When I saw Rachel Dolezal, a white woman who was exposed a few years back for pretending to be a Black woman, trending on Twitter, I knew there was going to be nothing but more foolishness involved. This college professor was even the president of the NAACP chapter in Spokane, Washington. Instead of reading that Dolezal was being given more air time to explain what she did or who she believes she is (I’m glad that’s not the case), I learned that another white woman, Jessica Krug, decided to pretend she was Afro-Latina.
Krug, an associate professor at George Washington University who has written books and articles with a focus on Black and Latino people, had written an “apology” letter on Medium for pretending to be Black. An apology with no tangible actions of restitution means absolutely nothing. No one who has pretended to be Black for years is probably going to magically see the light and confess. What Krug wrote read more like damage control and an attempt to get in front of a story of someone else exposing her. Dr. Yomaira C. Figueroa, associate professor of Michigan State University shared on Twitter a claim that Krug was going to be exposed.
Whatever the reason for Krug’s confession, her actions outside of writing that piece on Medium does not suggest she is sorry. The fact that George Washington University’s History faculty had to issue a statement calling for her resignation suggests Krug thought she could use her white privilege to go about her business after her “apology.”
Furthermore, when I saw a video of Krug speaking as if she was Black, I was reminded of teachers who slip into a Black person cosplay in an attempt to relate to Black students or to fit in with the Black community.
In that video, at the end, Krug says, “To my white people … stop playing in our faces.” Yeah, she really said that. Lady was clearly committed to the lie. Non-Black teachers who slip into some made-up dialect or vernacular to try to be down with Black students should stop. Non-Black teachers who stay up all night, knowing their rhythm involves clapping on the one and three, and not the two and four, but who are convinced that learning the next dance move they think is popular with Black kids will help them connect with Black students should stop. They also need to not post videos of their awkward dancing; it’s painful to watch, and it is not cute. Non-Black teachers who are out here coming up with handshakes to greet each student that looks similar to the way some Black folks greet each other should stop. Non-Black teachers who are out here listening to rap music so they can rewrite the lyrics because they think Black students can only learn through rap songs should stop. Again, these teachers need to also stop videotaping themselves with their students singing their made-up song in some attempt to become another viral video. Last, non-Black teachers, if the only time they are yelling out, “What up, fam?” or God forbid, “Westside” with the finger symbol (and this one actually happened to my husband at work although he is not a teacher), or some other saying they believe represents Blackness is to their Black colleague, please, for the love of all that is good on this earth, they should really stop!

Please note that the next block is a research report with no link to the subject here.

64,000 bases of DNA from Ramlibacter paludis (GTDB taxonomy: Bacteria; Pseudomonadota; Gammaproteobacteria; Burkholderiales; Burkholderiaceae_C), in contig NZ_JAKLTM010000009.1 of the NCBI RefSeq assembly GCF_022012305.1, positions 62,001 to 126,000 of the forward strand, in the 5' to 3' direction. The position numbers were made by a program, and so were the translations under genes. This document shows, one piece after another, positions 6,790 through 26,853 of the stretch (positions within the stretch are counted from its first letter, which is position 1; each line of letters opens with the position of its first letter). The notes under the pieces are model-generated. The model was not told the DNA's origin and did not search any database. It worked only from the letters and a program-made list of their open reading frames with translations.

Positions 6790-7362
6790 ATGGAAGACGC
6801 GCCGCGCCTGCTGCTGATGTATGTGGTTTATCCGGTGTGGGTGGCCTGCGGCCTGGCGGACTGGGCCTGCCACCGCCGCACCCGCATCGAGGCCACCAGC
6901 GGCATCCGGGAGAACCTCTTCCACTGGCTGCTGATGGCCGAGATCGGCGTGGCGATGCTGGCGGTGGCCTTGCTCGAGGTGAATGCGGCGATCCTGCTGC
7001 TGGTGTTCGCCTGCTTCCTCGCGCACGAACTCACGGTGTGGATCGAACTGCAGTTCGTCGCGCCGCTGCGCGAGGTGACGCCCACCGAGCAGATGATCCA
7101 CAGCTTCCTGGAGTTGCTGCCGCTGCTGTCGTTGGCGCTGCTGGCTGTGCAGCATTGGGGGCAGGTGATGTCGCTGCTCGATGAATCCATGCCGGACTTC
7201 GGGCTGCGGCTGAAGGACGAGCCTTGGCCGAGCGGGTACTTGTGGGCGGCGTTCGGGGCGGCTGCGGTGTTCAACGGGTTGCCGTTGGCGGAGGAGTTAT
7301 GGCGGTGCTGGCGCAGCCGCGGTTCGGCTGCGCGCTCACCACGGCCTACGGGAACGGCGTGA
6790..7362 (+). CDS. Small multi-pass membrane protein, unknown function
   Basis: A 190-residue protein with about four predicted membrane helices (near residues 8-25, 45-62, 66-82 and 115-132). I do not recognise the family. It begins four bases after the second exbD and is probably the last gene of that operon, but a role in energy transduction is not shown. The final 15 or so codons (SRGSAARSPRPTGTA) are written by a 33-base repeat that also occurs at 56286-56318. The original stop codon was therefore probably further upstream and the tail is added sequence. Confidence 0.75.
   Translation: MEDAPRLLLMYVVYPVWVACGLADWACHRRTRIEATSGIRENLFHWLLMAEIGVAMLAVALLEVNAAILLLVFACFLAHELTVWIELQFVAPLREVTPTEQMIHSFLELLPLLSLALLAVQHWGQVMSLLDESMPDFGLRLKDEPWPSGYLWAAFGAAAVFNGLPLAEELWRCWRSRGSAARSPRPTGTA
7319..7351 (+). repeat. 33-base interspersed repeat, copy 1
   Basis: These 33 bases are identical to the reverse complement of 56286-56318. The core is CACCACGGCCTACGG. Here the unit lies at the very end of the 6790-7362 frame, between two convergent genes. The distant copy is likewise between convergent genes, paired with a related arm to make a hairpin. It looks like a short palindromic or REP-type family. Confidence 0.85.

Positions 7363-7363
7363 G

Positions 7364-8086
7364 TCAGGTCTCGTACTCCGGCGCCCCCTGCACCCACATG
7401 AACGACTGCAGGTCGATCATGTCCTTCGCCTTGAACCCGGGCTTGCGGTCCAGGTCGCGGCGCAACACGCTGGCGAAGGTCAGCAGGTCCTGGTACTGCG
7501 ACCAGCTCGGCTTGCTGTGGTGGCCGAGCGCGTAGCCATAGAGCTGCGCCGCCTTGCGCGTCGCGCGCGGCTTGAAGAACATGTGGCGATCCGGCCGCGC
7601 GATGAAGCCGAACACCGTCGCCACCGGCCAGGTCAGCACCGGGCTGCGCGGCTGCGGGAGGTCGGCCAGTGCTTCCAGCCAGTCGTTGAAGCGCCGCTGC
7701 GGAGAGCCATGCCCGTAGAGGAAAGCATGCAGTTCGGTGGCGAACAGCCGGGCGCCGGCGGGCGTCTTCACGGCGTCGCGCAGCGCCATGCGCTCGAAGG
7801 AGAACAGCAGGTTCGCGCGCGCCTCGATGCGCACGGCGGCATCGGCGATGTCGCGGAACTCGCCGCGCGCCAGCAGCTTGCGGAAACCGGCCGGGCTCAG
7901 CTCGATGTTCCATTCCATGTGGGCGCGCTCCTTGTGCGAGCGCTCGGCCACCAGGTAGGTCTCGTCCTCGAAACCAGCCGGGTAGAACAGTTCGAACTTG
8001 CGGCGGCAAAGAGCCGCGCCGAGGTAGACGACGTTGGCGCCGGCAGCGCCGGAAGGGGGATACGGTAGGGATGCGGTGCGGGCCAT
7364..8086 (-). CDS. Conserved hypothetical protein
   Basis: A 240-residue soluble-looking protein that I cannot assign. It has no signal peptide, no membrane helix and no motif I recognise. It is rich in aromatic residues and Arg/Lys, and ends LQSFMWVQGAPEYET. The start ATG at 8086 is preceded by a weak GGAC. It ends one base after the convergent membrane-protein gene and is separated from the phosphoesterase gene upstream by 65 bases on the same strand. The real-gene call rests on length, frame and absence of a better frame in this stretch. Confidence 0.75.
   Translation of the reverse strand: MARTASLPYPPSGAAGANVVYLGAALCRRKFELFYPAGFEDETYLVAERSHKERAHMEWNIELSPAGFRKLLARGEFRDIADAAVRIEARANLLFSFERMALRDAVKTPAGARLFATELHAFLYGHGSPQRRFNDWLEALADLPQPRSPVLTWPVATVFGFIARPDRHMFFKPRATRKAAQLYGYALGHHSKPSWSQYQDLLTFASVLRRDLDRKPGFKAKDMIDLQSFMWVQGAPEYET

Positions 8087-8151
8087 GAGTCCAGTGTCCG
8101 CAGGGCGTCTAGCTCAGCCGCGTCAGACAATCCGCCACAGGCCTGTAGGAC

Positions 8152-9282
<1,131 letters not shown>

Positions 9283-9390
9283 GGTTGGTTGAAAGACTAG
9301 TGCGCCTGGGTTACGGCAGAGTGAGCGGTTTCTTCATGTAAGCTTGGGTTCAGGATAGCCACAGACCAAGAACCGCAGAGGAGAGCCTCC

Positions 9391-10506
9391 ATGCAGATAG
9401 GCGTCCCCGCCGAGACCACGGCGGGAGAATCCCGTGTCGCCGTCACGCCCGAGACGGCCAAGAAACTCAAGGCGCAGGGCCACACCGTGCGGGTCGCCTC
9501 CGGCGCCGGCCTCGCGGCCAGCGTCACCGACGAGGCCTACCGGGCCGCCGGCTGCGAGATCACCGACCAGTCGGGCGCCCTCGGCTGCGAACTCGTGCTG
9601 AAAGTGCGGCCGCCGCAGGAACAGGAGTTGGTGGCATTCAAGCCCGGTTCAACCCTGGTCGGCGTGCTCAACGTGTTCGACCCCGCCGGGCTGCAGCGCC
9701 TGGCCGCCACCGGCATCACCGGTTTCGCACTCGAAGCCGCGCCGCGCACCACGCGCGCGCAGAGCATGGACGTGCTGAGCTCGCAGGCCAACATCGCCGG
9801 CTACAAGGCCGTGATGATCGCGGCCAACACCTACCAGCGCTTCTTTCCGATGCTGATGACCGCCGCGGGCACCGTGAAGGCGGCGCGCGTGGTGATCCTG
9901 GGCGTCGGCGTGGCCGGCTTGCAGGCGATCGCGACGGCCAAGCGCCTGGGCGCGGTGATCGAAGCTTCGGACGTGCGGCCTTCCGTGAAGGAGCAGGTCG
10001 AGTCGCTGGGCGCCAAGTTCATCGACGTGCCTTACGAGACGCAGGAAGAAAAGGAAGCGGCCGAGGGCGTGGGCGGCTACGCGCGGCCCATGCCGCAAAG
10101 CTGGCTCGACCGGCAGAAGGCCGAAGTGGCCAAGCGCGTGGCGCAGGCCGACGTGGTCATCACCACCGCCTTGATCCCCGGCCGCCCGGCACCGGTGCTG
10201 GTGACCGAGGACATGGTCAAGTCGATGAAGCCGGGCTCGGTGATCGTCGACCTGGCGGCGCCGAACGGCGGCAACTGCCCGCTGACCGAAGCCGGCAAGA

Black educators and Black students do not need non-Black educators slipping into moments where they pretend to be Black or parrot what they think Blackness is. That’s not how you act to connect to Black people or learn about their culture. They are embarrassing themselves. They are magnifying stereotypes about Black people that are just as bad as all those pictures of Krug with those big hoop earrings. Apparently, Black woman cosplay involves big hoops and slang. Black students don’t want a fraud. They want teachers to be themselves. Non-Black teachers can build relationships by learning about their Black students and being themselves; no awkward dancing or sad attempts at African American Vernacular English is necessary.
Before teachers take any actions I have mentioned above, they need to really contemplate the why behind it. They need to know that Black students are laughing at them and wish they would stop. They need to know that their Black colleague wishes to not cross paths with them in the hall and have another strange interaction. It is a privilege to slip in and out of Blackness. Being Black is beautiful, but I make Black beautiful because that is who I am authentically. Pretending to be Black is ugly and says the person has a problem. Look, I’m not a therapist, but those teachers, and Krug, need more help than my words can probably give.